“I’ve been at the Engineering Building since 7:15 this morning, Mr. Boyle, working. I’m not late ... and I know what the work hours are. How can I help you or did you climb those stairs just to chide me for being late?”
I took a deep breath. “Our department supplied them for the Women’s Expo on Saturday. Please don’t use that language with me, Mr. ... ”
“The university’s colors are red and black, not pink.”
“How many do you have?”
I looked at him hard, and just a little more than testily, said, “Well, I think we ordered a couple thousand, but we gave away about five hundred on Saturday. We have several opportunities this month to hand them out.”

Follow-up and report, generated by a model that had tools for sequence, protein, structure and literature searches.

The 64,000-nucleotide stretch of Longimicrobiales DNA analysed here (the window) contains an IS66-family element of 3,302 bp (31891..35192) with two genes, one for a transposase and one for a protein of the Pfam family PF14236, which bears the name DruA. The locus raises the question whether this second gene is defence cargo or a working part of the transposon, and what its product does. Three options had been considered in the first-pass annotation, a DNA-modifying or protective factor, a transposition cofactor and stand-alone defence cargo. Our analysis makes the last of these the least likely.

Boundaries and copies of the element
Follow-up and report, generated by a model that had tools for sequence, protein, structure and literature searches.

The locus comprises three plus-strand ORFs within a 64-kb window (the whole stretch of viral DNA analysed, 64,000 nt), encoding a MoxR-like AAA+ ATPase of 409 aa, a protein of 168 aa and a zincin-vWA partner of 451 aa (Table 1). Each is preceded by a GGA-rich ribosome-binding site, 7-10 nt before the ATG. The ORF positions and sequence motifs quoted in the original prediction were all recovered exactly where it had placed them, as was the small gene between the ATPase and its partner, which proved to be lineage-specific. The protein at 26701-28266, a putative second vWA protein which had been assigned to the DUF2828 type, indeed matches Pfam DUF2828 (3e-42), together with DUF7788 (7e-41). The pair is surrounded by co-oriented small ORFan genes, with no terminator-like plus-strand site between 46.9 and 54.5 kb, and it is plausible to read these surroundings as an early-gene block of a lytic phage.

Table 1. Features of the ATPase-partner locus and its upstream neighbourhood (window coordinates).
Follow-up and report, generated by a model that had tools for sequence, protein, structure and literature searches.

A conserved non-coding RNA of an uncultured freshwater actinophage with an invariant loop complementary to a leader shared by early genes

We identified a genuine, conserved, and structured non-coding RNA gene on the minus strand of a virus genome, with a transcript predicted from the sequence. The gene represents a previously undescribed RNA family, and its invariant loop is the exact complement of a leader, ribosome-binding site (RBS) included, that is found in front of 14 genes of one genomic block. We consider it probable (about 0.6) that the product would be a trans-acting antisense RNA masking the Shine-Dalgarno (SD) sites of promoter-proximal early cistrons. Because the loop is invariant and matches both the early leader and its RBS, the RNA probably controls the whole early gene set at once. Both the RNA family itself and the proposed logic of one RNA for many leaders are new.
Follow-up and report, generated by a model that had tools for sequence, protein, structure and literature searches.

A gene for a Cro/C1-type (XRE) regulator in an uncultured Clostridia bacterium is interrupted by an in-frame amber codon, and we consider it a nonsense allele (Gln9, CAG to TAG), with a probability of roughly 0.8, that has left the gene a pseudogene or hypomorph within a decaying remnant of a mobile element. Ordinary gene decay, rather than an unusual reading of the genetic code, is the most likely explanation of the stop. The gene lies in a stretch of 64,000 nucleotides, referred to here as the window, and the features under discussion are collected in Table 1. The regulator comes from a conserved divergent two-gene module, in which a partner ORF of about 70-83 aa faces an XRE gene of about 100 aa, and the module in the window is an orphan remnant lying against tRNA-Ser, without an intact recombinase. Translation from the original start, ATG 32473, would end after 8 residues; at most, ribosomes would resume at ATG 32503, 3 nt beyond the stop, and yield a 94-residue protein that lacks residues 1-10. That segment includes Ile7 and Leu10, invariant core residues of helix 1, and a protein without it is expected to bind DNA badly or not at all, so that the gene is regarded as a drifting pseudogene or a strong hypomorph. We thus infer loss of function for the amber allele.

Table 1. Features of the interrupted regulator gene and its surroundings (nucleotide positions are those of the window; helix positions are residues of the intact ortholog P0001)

“You keep forgetting I’m your direct supervisor and you answer to me. I said get rid of them. Throw them out. Don’t give any more away. WE DON’T DO PINK!”
“Good heavens,” Sharon said mockingly.
“Hey, boss,” he said as I passed him to take a seat closer to the front with Sharon.
“Hey, Charlie. What type of shots you planning?” I asked.
“Like the science projects Michael and Ben did throughout school?”
Jamie’s team came in third, but out of the thirty-six teams entered, third place was a remarkably good showing and could be proudly included on his résumé.
I had my own Rube Goldberg to deal with, but his name was Bennett Boyle. Funny, he really does make the simplest things extremely complicated.